Sindhu stronger than Saina: World No. 1 Tai

Tai Tzu-ying, who is here to play for Ahmedabad Smash Masters in her first Premier Badminton League (PBL) appearance, feels Sindhu is more of a threat due to her height.

The 23-year-old had a fabulous 2017 decorated with five Superseries titles – All England, Malaysia Open, Singapore Open, French Open and Hong Kong Open – and the Asian championship crown.   -  AFP

Taiwanese Tai Tzu-ying, who has maintained her No. 1 ranking for more than one year and is all set to finish the second consecutive year as the top-placed women's singles shuttler, feels P.V. Sindhu is a stronger opponent compared to Saina Nehwal.

Tai, who is here to play for Ahmedabad Smash Masters in her first Premier Badminton League (PBL) appearance, feels Sindhu is more of a threat due to her height. “It should be Sindhu (who is tougher) – because she is tall, powerful and her speed is fast,” Tai, who had lost to Sindhu in the Rio Olympics prequarterfinals, told Sportstar on Monday.

Interestingly, Tai has an 8-3 win-loss record against Sindhu and 8-5 against Saina.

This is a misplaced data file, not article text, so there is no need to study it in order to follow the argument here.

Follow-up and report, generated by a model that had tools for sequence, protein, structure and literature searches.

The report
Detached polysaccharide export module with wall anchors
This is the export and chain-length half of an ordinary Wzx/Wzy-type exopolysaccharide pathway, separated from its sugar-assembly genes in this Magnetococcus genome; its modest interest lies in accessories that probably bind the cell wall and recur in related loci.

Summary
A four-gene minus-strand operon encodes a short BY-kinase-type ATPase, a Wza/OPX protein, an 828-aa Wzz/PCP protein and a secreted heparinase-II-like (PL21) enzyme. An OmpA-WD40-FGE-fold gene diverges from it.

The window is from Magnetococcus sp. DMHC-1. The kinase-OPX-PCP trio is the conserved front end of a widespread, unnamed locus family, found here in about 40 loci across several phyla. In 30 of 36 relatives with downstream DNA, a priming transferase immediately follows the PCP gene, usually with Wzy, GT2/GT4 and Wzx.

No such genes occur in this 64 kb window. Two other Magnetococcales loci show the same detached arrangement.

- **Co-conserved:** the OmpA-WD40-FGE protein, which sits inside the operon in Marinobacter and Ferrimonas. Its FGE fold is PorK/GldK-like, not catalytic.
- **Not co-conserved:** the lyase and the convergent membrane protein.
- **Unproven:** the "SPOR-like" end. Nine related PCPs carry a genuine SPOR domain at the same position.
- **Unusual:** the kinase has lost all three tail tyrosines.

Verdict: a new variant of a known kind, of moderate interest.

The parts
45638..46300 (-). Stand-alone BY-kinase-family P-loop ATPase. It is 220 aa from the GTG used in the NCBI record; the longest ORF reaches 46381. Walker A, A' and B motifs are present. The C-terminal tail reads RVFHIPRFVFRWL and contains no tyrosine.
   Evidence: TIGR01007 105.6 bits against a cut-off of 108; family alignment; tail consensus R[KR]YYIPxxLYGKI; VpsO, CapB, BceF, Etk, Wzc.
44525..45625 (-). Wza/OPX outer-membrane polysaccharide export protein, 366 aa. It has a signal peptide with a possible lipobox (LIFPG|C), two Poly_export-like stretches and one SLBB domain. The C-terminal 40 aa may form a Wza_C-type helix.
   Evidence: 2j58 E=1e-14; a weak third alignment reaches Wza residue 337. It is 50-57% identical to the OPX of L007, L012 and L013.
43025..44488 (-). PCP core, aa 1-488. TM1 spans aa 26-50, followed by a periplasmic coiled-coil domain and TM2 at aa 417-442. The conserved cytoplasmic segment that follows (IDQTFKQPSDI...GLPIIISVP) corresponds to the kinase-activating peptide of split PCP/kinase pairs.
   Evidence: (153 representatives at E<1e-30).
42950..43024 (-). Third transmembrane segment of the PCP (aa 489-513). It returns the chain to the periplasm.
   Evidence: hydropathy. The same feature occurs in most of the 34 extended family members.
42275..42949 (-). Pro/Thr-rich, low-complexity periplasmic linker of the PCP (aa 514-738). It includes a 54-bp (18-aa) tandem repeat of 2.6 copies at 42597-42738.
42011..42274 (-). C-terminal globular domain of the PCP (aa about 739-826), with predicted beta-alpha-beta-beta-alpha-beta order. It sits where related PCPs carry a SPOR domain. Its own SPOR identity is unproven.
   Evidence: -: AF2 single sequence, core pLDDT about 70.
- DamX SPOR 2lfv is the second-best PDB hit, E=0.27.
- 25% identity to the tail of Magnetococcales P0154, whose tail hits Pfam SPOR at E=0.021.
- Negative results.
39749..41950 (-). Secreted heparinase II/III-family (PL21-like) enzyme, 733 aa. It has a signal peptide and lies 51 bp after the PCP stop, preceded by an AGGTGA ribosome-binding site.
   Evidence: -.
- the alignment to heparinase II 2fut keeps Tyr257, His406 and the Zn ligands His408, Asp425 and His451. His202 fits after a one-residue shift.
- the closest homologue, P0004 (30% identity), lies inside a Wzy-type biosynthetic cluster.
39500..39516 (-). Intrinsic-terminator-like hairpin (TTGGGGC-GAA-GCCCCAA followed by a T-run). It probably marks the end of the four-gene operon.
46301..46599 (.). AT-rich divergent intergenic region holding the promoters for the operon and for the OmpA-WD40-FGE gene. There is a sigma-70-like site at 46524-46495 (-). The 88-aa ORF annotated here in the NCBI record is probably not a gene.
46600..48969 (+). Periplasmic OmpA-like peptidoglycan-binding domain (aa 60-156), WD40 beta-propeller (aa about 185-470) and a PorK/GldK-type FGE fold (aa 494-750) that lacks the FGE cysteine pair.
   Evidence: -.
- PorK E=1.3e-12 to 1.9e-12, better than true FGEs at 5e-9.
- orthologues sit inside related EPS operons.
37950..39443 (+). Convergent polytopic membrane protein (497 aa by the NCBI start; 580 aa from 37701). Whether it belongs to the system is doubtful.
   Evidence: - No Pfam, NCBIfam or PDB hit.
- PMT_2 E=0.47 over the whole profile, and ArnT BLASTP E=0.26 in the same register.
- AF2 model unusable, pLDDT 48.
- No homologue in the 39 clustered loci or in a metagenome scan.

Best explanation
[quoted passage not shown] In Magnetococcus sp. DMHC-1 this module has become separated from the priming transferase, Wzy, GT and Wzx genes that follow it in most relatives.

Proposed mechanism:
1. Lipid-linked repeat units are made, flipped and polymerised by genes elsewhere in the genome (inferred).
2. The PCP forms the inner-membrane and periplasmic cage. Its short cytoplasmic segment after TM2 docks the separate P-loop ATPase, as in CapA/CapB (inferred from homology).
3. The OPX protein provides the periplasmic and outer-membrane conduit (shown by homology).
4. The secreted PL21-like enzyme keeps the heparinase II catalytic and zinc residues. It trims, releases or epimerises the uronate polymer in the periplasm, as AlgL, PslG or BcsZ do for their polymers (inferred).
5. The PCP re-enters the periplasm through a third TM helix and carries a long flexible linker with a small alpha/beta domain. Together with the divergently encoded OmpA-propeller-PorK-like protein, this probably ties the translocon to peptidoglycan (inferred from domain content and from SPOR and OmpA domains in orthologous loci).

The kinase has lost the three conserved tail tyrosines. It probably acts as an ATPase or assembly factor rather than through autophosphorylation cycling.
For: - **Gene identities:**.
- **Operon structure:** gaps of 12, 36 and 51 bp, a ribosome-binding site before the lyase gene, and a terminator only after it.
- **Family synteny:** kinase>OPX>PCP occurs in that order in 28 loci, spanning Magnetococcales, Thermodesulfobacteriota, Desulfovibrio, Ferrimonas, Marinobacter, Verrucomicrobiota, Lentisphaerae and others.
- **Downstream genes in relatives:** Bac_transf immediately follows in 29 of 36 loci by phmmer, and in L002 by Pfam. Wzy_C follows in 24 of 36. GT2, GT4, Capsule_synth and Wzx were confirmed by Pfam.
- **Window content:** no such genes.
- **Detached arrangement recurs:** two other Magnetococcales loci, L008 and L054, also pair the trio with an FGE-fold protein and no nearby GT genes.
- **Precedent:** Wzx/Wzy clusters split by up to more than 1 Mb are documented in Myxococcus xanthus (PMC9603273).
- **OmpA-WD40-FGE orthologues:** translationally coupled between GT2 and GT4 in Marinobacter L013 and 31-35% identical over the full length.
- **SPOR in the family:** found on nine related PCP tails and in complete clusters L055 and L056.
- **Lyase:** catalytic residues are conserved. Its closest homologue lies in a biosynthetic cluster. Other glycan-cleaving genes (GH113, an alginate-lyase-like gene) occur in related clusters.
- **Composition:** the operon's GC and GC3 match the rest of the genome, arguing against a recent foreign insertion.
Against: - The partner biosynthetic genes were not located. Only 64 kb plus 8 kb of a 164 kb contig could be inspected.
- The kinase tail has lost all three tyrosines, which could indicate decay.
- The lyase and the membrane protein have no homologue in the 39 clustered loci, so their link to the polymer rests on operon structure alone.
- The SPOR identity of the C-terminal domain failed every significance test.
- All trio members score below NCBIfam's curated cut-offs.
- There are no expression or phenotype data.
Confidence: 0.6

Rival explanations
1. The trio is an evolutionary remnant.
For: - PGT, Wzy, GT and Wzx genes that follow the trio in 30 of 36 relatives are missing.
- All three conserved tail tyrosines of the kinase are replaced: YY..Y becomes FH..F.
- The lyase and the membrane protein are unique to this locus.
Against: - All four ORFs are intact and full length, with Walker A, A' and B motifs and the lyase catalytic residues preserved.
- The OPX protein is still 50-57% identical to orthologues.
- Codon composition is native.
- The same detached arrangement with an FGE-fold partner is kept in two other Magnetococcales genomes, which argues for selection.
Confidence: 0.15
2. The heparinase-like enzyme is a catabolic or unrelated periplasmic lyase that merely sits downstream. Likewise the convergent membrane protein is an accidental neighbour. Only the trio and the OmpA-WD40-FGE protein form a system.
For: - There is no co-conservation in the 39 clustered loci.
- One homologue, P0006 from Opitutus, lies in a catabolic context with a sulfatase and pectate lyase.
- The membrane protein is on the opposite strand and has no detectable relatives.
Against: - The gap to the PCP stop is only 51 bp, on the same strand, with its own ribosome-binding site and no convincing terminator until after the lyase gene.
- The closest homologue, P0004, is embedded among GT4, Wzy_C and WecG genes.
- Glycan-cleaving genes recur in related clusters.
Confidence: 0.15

The 23-year-old, who had a fabulous 2017, decorated with five Superseries titles – All England, Malaysia Open, Singapore Open, French Open and Hong Kong Open – and the Asian championship crown, said everyone in the top-10 of world rankings was tough to beat. “Every opponent is strong. They are of the same level.”

Instead of nurturing the fear of losing her number one status, Tai was focused on continuing with her good work which fetched her tremendous success. “In 2017, I played very stable and performed well...It is about the mind. I remain relaxed during training and tournaments without thinking too much.”

Tai said she needed to become better to be able to tackle so many quality opponents and maintain her status as one of the leading sportspersons in her country. “In Taiwan, basketball and baseball are the most famous sports. I am the most famous badminton player in Taiwan but the sport, badminton, is not very famous.

“I have to keep training well to find out what I need to do in the tournaments and improve.”

Tai, who is yet to earn a podium finish in the World championships and the Olympics, did not want to put pressure on herself. “I just hope to try my best in every match. I do not think too much (ahead).”

Sharing her impression about India, Tai said, “I love Indian curry. I like India and want to start the league well.”